Monthly Archives: October 2021

October 31, 2021

This morning three Red-tailed Hawks were active in the Bear Creek Greenbelt, west of Estes.  It was a gray, overcast day with temps just below 40 degrees, and a little breeze.

I was able to photograph two of the hawks–neither of them part of the resident pair.

Here’s one of them:

Red-tailed Hawk

Red-tailed Hawk

Here’s the other:

Red-tailed Hawk


Red-tailed Hawk

October 30, 2021

This morning I joined the walk that Joey Kellner leads monthly at Chatfield State Park.  Townsend’s Solitaires were conspicuous.  Here’s one after juniper berries:

Townsend’s Solitaire

Townsend’s Solitaire

Joey delighted us all by spotting a Chestnut-sided Warbler.  Photographing it was challenging:

Chestnut-sided Warbler

Chestnut-sided Warbler

October 29, 2021

Most of the leaves have now fallen from the trees in the Bear Creek Greenbelt, which opens up possibilities to see more birds.  Here’s a Red-tailed Hawk that is neither the resident female nor male.  It’s possible it could be their sole offspring this year.  The last time I saw this year’s offspring, it looked like this:  Red-tailed Hawk Nestling on May 20, 2021

Red-tailed Hawk

October 28, 2021

Today on a lunch walk in the Bear Creek Greenbelt I found a collection of a dozen waterfowl:

Ten Ring-necked Ducks, one Redhead, and one Mallard

The two female Ring-necked Ducks:

Ring-necked Ducks

The Redhead:


Along Bear Creek an American Dipper perched:

American Dipper

A couple of dragonflies are still hanging on:

Great Spreadwing

Variegated Meadowhawk

After work I led my better half to the part of Bear Creek where I’d seen the American Dipper earlier.  We couldn’t find it from the south bank, but a while later when we walking along the north bank, I found it again:

American Dipper

A deer was heading west along the south bank:

October 25, 2021

In the last week I saw in the Bear Creek Greenbelt my first-of-season Yellow-rumped Warbler.   A single bird, and on one day only.

Also the other day my better half and I saw a flock of 20 Cedar Waxwings.  Today during a lunch walk I saw the Cedar Waxwings, who, along with several American Robins, were busy eating berries.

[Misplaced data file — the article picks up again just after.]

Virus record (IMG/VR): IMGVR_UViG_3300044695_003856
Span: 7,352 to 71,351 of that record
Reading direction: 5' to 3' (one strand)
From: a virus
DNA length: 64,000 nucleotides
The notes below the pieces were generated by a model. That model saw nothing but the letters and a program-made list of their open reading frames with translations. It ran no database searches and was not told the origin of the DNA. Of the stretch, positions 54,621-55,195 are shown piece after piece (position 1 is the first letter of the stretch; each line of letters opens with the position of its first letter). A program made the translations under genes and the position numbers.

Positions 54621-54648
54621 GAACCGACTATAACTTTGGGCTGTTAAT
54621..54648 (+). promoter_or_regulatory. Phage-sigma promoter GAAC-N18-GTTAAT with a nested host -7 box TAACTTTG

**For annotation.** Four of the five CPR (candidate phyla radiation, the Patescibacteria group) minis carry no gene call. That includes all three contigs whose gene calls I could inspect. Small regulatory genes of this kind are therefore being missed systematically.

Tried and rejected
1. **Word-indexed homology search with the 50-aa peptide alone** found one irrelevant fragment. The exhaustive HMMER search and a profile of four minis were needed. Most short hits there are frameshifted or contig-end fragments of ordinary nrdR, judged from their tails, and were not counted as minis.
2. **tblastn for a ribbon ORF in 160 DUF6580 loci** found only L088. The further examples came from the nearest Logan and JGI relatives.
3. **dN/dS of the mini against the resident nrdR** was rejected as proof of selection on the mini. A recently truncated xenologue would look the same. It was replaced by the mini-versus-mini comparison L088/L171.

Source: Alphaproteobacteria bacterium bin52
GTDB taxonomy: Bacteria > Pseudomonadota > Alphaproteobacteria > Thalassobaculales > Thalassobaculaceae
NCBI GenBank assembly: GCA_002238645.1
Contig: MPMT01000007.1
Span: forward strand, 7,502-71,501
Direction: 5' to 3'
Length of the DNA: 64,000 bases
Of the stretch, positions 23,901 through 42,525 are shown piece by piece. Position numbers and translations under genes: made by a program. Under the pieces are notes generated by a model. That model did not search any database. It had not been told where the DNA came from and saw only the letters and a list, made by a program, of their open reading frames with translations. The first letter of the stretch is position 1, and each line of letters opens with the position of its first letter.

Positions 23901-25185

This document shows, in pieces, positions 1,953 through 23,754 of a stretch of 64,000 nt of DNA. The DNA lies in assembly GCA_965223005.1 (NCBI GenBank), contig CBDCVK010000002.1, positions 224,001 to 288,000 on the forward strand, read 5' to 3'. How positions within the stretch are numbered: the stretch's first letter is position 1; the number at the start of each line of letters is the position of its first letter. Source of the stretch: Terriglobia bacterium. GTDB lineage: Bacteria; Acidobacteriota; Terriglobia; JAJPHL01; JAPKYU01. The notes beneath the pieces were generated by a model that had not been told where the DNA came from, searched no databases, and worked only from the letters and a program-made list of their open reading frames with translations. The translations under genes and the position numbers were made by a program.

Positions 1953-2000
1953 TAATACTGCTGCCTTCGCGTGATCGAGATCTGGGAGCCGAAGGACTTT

Cedar Waxwing

Cedar Waxwing

American Robin

Today I saw my first-of-season American Dipper in the greenbelt:

American Dipper

After work I took another walk and saw several first-of-season waterfowl at the greenbelt:

Ring-necked Ducks


American Coot

Northern Shoveler

Eight Hooded Mergansers, fifteen or so Canada Geese, and numerous Mallards were also on the horseshoe pond by the Stone House.

For the first time in several weeks I spotted a Cooper’s Hawk:

Cooper’s Hawk

I’ve been seeing American Kestrels west of Estes lately.  Here’s one above a prairie dog town:

American Kestrel

Finally, here are a couple of shots of probably the last dragonflies in the area this year:

Great Spreadwing

Great Spreadwing

October 23, 2021

This morning I joined a DFO (Denver Field Ornithologists)-sponsored birding outing to Standley Lake.  Here are a few of the smaller birds we saw:

American Goldfinches

Lesser Goldfinch

American Tree Sparrow

October 18, 2021

Scenes from a Denver Field Ornithologists trip to Boulder County today:

View from Walden Ponds

Another view from Walden Ponds, a little later

Bald Eagle (immature)

Ferruginous Hawk

Golden Eagle appearing to dog a Bald Eagle (immature)

October 15, 2021

On an afternoon walk in the Bear Creek Greenbelt I spotted three adult Red-tailed Hawks in a single bare tree.  Two of them, on the left-hand side of the tree, were very vocal–they appeared to be screaming at each other.  The third, by itself on the right-hand side of the tree, was quiet.

After looking at the pictures, I saw that one of the two vocal ones was banded–the resident female.  I did not recognize the second vocal one or the third one, both of which have lighter eyes, indicating they may be younger adults.

Resident female Red-tailed Hawk (when I zoomed in on the band, I could read the numbers 9573)

Red-tailed Hawk (light eyes, pale feathers above the beak)

Red-tailed Hawk (light eyes)